Karl Marx was born in Trier, an ancient German city in the Rhineland (sometimes claimed by France, and known as Treveri). His ancestors, Jewish on both his mother's and father's sides, were rabbis. His father, Heinrich, had converted to Protestantism in 1816 or 1817 in order to continue practicing law after the Prussian edict denying Jews to the bar. Karl was born in 1818 and baptized in 1824, but his mother, Henriette, did not convert until 1825, when Karl was 7. While the family did not appear religious at all -it was said that not a single volume on religion or theology was in Heinrich's modest library-Karl was raised in an atmosphere of religious toleration. There was some discrimination against Jews in the area, but general religious tolerance was the standard. Karl was sent to religious school primarily for academic rather than religious training. On the whole, the family was not committed to either evangelical Protestantism or evangelical Judaism. Vincent Miceli notes:

The family lived as very liberal Protestants, that is, without any profound religious beliefs. Thus, Karl grew up without an inhibiting consciousness of himself as being Jewish. In changing his creedal allegiance, or course, the father, newly baptized Heinrich, experienced the alienation of turning his back on his religious family and traditions. Thus, though politically emancipated and socially liberated from the ghetto, the experience of being uprooted and not completely at home in the Germany of the nineteenth century did affect the Marx family (Miceli, Atheism, pp. 94, 95).

Marx attended the gymnasium (high school) from 1830-1835 and then attended Bonn University (1835-1836). He worked on his doctorate at Berlin University (1836-1841). During this time he met and associated with the Young Hegelians (see below our discussion of Hegel's contributions to Marx's thinking) and suffered a nervous breakdown (1837). His doctoral dissertation was in philosophy and was titled The Difference between Democritean and Epicurean Philosophy of Nature. It was accepted by Jena University. His father died in 1838.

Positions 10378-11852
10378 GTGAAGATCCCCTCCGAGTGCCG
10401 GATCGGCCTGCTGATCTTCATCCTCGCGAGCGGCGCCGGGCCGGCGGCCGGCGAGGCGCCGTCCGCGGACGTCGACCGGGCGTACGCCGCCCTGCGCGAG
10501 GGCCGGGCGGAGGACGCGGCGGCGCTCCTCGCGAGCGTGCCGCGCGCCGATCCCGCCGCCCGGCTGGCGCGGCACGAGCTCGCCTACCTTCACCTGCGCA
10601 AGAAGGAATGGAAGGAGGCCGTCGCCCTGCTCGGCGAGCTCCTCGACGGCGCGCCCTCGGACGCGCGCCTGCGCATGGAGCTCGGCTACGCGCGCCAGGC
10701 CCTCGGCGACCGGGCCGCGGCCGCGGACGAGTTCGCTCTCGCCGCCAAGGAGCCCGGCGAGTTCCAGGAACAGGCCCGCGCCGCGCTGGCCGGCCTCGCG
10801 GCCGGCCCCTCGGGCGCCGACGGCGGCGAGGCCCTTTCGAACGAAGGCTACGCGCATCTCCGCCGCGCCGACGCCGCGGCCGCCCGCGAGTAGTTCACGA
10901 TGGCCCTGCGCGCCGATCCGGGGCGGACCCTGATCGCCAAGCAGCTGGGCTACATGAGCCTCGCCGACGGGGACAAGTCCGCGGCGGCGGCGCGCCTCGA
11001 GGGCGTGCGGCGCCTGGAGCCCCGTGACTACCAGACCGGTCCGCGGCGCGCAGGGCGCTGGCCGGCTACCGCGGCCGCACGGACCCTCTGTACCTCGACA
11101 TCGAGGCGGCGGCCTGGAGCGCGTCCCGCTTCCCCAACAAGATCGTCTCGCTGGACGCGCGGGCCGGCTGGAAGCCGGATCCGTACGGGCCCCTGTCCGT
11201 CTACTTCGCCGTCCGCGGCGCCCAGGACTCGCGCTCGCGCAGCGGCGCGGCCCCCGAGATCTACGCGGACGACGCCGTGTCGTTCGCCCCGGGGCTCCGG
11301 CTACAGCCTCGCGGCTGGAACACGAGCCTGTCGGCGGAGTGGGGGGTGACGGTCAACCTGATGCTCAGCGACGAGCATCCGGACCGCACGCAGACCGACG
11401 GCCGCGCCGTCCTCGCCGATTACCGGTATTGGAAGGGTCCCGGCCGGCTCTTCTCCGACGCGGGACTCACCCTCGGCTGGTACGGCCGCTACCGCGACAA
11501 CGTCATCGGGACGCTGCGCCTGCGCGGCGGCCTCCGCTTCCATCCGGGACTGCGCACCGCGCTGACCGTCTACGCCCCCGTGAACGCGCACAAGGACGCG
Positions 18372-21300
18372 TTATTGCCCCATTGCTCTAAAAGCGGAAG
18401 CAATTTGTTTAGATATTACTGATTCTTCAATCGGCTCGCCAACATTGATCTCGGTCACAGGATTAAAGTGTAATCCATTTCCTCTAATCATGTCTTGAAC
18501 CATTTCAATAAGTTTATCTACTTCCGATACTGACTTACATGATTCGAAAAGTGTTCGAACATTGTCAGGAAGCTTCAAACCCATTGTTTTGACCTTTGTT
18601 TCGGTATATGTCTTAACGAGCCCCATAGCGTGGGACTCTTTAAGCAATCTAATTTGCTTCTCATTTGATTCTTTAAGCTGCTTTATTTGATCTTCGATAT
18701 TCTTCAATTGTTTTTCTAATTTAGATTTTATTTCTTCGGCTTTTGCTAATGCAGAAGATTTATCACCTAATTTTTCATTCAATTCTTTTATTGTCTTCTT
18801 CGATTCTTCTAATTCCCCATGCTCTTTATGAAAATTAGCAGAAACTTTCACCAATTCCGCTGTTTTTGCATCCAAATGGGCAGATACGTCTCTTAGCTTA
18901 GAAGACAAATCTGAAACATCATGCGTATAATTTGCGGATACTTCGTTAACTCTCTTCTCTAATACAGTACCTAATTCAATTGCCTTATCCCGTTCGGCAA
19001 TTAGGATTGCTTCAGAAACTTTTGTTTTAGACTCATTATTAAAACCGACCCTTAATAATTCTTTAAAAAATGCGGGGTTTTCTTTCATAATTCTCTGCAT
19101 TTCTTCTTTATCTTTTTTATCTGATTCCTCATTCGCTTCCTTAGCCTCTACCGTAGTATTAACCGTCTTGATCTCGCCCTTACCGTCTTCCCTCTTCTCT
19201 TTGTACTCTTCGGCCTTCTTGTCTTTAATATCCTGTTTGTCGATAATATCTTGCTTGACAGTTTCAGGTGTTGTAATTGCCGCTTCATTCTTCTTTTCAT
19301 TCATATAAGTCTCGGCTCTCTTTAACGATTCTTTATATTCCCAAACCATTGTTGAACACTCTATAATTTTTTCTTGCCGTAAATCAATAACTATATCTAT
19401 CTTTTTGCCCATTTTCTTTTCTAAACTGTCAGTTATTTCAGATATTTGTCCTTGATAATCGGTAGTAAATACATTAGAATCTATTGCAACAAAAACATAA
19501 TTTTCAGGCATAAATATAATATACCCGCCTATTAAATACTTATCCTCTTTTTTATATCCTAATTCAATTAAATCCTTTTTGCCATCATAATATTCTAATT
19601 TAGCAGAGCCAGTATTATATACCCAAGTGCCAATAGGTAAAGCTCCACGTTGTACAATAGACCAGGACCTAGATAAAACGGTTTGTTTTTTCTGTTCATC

Marx's professed atheism and his radical views may have made it difficult for him to be hired as a professor at Prussian-dominated schools and his attention turned to political involvement. His life pattern of revolutionary involvement and intense political activism began to emerge. In 1842 he became the editor of the Reinische Zeitung, which was said to be a business periodical. However, this publication had strong radical political views. Marx's philosophy of dialectical materialism and class struggle was already being developed, and often appeared in the pages of the Reinische Zeitung.